US 2236828 A
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Patented Apr. 1, 1941 2,236,828 DENTAL CREAM Fred W. Muncie, New Brunswick, N. J., assignor to Colgate-Palmolive-Peet Company, Jersey City, N. J., a corporation of Delaware No Drawing.
3 Claims. This invention relates to certain improvements Application January 11, 1936. Serial No. 58,775
in cosmetics and particularly to a new variety of use, it has been customary to use soap; that is,
alkali metal salts of fatty acids, as a base material or at least as an essential ingredient. Perfumes, fillers, glycerin, additional fatty acids, abrasives, preservatives, starch, waxes, mineral, animal, or vegetable oils, germicides, water and/or other ingredients are usually compounded with the soap to make the final cream. In all of the products made in this way there are certain disadvantages. Although the soap used is ordinarily "super fatted, that is, made to contain an excess of fatty acid so as to reduce to a minimum its alkalinity; nevertheless, it gives to the compositions an alkalinity that it is desirable to avoid. Also, soap forms insoluble curds with calcium and magnesium, both of which are commonly present in water, and the effectiveness of the soap detergent is thereby reduced.
Furthermore, acidic astringents, such as aluminum chloride, zinc sulfate, alum, and the like, cannot be included in the compositions; germicidal materials such as cresol, phenol, and resorcinols are rendered ineffective or less effective by the alkalinity of the soap; and the taste of the soap must be masked.
Of course, numerous attempts have been made to eliminate soap and its undesirable characteristics from toilet creams, but the results here-- tofore have not been encouraging.
According to the present invention, however, a new type of product is provided having as a basic or at least an essential ingredient, one or more of a new class of substances that are inexpensive and yet have the characteristics of mild taste and odor, excellent deterging and emulsifying properties, neutrality of reaction, and compatibility toward metallic salts.
The new ingredient has the distinct advantage of not being alkaline, not forming precipitates with hard or even sea water, and rinsing readily from the skin. In addition, the new ingredient is effective in its foaming and detergent properties at lower concentrations than soap, is compatible with numerous germicides, such as phenol, s
cresol, and the various resorcinols, and does not interfere with their germicidal action. Also, the new products may include acidic astringents such as aluminum chloride, zinc sulfate, alum, and organic materials not stable in the presence of alkali such as isoeugenol, vanillin, and methyl anthranilate.
In addition to all of these advantages, the new products may be formed inexpensively,'and the efiiciency of the new products incorporating the new ingredient makes a lesser amount of these products able to perform the same service as would a larger amount of the corresponding oap-, base product.
The essential feature of the new produ that they embody as the basic ingredient a new type of detergent material formed by the interaction of fatty oil, glycerin, and sulfuric acid, preferably just neutralized with caustic soda or other alkaline reagent. The detergent material that it has been found possible and advantageous to use for this purpose, together with certain processes for making it, are described in detail in United States patent applications 28,711 and 28,712 both by this inventor and both filed on June 27, 1935 which have issued as Patents Nos. 2,130,361 and 2,130,362. The present application is a continuation in part of those applications.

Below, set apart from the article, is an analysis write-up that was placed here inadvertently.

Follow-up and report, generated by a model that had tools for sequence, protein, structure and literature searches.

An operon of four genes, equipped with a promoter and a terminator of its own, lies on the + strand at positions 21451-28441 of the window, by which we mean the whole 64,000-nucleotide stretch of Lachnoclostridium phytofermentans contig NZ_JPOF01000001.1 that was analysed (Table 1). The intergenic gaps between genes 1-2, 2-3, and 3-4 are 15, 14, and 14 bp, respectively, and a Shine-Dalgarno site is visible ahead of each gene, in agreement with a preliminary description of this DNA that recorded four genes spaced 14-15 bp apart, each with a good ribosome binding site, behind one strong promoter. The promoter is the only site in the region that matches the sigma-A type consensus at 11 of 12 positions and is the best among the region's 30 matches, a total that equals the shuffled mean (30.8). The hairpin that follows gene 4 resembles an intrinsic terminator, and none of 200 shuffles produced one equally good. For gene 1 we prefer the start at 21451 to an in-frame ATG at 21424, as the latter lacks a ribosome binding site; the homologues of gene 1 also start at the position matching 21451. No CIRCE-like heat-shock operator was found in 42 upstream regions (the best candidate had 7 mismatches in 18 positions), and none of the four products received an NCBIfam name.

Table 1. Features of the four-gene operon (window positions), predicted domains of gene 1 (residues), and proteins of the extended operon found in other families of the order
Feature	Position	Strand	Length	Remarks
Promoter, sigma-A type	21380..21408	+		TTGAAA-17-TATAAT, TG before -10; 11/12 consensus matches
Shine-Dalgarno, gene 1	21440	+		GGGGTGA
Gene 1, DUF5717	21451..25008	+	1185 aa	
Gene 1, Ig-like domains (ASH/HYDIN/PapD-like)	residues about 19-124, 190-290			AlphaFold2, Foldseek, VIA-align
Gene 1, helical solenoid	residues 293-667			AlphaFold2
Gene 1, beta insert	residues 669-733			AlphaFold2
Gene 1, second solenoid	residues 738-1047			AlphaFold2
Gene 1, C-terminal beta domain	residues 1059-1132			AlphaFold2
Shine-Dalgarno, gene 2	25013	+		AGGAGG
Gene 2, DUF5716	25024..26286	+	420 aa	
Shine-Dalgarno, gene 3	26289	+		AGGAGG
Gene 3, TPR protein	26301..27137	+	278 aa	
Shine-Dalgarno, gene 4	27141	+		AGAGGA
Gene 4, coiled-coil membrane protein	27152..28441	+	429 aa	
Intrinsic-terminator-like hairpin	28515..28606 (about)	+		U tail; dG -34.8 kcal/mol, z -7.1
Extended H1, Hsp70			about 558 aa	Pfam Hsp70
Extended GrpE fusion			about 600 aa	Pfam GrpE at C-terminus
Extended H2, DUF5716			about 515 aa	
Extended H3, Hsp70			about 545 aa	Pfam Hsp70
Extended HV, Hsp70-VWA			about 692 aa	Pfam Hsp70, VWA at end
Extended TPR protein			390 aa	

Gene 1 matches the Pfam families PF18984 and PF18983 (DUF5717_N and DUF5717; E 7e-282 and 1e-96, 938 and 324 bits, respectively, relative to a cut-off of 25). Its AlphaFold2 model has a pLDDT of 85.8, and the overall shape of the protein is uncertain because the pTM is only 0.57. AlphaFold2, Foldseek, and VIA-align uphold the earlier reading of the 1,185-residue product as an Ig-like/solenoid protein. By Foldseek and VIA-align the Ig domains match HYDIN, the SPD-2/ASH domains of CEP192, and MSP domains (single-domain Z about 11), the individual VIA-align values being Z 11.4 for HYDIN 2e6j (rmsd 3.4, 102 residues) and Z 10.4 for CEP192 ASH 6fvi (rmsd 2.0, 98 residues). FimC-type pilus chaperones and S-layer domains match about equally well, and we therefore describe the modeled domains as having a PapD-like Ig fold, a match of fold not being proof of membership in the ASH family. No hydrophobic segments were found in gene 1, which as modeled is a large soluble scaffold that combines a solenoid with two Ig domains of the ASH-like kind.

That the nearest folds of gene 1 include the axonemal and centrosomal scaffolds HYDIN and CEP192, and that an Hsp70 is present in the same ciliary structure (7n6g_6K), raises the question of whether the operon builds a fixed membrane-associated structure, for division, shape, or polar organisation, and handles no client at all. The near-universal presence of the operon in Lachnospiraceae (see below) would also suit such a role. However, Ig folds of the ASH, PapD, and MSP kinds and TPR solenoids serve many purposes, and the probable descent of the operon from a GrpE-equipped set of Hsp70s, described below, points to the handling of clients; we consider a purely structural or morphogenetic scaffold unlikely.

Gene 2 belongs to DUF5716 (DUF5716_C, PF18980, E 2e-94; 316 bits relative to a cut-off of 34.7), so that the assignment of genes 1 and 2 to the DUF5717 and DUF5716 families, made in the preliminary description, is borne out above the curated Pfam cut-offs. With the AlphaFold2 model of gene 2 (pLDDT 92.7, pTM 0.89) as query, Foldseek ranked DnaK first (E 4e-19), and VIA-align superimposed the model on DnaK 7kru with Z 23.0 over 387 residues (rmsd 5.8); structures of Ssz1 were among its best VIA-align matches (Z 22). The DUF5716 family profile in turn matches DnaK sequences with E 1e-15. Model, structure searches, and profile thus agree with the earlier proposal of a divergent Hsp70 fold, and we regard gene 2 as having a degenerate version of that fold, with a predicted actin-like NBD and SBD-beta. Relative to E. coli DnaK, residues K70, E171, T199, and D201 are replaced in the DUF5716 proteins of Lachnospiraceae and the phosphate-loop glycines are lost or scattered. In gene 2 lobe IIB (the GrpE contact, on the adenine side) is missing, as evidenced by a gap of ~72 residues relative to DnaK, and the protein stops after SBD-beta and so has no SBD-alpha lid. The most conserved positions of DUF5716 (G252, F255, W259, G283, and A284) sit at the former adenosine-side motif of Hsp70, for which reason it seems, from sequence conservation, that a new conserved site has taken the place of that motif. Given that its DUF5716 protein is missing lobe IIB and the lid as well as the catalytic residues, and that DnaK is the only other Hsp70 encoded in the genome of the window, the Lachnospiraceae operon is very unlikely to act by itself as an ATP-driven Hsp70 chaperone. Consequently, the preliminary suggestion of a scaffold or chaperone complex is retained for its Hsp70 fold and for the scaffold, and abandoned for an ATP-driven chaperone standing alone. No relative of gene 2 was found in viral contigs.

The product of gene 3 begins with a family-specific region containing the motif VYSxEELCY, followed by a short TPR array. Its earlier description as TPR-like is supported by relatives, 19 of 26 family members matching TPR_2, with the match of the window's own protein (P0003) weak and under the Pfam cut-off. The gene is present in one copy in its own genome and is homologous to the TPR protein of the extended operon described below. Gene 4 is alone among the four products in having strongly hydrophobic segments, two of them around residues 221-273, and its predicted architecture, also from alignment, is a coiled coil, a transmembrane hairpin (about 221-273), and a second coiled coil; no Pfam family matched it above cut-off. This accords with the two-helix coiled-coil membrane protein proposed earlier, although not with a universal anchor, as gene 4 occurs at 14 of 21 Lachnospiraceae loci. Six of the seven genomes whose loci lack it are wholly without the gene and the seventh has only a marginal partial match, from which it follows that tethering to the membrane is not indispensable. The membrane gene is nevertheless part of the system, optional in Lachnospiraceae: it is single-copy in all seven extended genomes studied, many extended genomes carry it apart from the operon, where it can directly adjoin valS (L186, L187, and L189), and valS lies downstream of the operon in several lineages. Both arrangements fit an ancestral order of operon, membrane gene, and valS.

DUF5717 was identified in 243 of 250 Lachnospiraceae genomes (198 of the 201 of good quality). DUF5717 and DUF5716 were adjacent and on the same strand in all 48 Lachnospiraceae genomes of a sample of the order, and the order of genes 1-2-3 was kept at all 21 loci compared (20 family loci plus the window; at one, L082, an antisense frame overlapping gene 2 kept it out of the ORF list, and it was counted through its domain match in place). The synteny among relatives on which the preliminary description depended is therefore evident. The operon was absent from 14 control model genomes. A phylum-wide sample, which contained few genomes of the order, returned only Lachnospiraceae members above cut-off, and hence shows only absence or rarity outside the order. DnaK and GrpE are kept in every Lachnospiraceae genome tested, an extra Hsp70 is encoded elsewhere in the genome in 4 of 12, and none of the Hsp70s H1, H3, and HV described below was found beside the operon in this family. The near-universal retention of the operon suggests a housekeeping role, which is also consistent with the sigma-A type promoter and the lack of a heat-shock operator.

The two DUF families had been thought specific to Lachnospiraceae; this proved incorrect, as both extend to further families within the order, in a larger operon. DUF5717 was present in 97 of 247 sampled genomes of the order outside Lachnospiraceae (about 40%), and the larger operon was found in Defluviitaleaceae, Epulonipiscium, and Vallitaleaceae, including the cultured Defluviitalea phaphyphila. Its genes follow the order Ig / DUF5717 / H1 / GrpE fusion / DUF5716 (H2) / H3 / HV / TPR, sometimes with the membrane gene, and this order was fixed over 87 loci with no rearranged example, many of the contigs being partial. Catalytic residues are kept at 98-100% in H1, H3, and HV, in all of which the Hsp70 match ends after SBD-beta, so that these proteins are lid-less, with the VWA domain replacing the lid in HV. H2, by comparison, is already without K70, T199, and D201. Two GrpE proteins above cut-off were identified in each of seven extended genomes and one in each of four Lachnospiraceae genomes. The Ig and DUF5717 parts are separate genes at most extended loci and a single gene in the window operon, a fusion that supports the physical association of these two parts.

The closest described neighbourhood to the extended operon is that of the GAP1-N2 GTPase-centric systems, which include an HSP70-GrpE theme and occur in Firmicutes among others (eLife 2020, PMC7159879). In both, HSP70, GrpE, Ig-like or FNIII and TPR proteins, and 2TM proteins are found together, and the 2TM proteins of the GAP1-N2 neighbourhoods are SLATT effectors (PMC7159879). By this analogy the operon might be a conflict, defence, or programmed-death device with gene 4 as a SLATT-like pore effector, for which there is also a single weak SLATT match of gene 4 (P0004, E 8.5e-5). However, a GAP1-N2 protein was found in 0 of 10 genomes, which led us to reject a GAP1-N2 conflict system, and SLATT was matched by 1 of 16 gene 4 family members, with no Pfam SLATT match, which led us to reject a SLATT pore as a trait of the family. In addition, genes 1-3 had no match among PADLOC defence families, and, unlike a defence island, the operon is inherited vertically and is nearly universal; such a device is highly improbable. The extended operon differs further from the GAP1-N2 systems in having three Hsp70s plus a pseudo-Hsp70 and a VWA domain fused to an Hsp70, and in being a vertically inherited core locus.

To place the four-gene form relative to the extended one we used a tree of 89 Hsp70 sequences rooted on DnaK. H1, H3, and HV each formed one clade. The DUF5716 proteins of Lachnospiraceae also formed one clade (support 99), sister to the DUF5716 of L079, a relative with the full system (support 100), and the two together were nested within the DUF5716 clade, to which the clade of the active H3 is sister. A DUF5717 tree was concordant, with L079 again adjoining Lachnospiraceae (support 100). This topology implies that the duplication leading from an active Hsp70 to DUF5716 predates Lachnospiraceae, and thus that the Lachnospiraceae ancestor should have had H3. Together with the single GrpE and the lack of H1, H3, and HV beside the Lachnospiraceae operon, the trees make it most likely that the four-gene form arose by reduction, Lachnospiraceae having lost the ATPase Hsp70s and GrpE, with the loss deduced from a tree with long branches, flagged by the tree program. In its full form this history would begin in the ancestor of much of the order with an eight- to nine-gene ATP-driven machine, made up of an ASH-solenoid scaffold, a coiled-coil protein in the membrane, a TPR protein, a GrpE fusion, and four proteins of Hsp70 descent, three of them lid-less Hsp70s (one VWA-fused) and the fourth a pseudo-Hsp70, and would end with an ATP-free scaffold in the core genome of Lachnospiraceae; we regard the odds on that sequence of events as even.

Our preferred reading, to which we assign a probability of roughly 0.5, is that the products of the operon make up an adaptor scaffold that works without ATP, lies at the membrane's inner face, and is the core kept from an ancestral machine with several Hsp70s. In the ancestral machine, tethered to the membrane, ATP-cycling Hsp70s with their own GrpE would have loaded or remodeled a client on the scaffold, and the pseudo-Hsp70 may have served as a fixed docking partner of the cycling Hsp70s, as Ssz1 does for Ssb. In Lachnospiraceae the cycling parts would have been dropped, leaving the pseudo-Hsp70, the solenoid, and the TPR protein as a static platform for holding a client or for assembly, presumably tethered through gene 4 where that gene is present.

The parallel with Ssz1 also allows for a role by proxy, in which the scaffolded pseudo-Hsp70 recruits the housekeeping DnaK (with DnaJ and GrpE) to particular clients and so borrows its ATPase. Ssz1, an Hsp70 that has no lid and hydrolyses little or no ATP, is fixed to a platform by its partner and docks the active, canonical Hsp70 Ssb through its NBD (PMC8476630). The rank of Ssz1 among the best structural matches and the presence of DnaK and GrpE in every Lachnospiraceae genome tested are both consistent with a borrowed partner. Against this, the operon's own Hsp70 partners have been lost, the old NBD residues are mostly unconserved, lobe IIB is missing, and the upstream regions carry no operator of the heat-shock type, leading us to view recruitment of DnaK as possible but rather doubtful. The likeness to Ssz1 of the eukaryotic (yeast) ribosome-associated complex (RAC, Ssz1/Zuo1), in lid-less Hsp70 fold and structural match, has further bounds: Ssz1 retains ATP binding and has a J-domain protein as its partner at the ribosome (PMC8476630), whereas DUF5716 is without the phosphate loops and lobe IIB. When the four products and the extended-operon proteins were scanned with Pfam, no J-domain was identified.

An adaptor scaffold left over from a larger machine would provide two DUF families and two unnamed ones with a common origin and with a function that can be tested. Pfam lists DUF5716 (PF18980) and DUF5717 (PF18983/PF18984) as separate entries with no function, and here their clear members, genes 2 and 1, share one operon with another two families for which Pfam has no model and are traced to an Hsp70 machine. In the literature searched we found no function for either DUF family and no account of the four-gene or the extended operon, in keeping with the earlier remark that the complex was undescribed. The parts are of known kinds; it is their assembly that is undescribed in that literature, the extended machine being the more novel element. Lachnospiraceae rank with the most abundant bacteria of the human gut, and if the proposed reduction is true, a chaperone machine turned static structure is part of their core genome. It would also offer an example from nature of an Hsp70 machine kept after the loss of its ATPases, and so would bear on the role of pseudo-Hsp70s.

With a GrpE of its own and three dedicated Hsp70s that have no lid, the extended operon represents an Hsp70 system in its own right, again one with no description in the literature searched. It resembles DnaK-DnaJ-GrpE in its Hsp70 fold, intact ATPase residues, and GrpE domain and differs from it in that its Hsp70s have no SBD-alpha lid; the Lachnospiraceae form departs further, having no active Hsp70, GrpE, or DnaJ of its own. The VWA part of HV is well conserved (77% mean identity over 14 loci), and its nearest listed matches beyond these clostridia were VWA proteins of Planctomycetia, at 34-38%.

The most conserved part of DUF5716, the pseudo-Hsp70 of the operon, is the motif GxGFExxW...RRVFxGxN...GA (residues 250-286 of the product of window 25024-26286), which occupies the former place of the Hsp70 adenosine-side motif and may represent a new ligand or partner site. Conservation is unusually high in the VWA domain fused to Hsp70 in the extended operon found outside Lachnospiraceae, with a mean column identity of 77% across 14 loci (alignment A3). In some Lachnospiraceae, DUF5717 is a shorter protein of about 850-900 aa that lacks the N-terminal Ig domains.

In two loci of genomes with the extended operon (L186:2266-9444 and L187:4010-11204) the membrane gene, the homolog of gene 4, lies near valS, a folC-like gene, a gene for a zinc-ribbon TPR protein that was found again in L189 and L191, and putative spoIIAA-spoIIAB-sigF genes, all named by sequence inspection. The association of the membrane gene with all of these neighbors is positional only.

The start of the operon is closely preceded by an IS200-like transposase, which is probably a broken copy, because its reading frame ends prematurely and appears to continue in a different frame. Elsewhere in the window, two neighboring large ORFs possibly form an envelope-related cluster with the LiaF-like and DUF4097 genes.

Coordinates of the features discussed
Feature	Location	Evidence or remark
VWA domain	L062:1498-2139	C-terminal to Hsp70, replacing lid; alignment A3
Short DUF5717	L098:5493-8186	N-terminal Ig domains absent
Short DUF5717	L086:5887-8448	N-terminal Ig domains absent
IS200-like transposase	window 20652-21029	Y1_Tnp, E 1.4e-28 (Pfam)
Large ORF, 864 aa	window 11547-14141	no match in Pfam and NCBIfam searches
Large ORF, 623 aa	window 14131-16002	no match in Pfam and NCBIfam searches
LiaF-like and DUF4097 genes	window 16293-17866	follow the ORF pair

The detergent material can be prepared by mixing the fatty oil, glycerin, and sulfuric acid in any desired order, and thereafter subjecting the mixture to a temperature sufficient to cause them to react. The temperature necessary is usually quite low. Alternatively, the product may be formed by reacting the fatty'oil and glycerin with the aid of heat and a catalyst, such, for example, as caustic soda, soap or an alcoholate, and thereafter treating the resulting product with sulfuric acid: Ordinarily, it will be found desirable to neutralize the resultant material before use..
In most cases fuming sulfuric acid and anhydrous glycerin will be used. The raw materials may be reacted either by batches or in a continuous manner by a suitable arrangement of apparatus, such as is shown in this applicant's Patent No. 2,130,361. -One molecular proportion of fatty oil, two molecular proportions of glycerin, and a considerable excess over three molecular proportions .of sulfuric acid have produced very fine products well suited for ordinary detergent use. In all cases the excess of sulfuric acid is either neutralized or removed before the material is used, and in most cases it has been found desirable also to neutralize; that is, form a salt of the reaction product itself.
To illustrate the general process of preparing materials of the type above described, a specific process may be cited which consists in reacting a quantity of fatty oil and glycerin, then treating the resulting product with sulfuric acid, and finally neutralizing. Thus, to 216 pounds of cocoanut oil, 64 pounds of anhydrous glycerin (99.5%) and 1.2 pounds of caustic soda have been added, and the mixture heated to to 205 C.
for approximately an hour. The resulting product was found to be miscible with 95% ethyl alcohol. The use of caustic soda which acts as a catalyst may be eliminated if the temperature of the fatty oil and glycerin mixture is raised to 280-290 C. and held there until the product is homogeneous and soluble in 95% ethyl alcohol.
To 281 pounds of the product of this first reaction, 526 pounds of fuming sulfuric acid (102.8%) were added, and the mixture stirred at a temperature of around 40 C. until the resultant product was miscible with water. The product was then neutralized to a pH of about 6.0 to 7.0 with caustic soda, (it took around 815 pounds of a 50 Baum solution) and thereafter dried by spraying as set forth in the United States patent to Dallas R, Lamont No. 1,652,900. v Any other soap drying method could be used in place of this last step, however.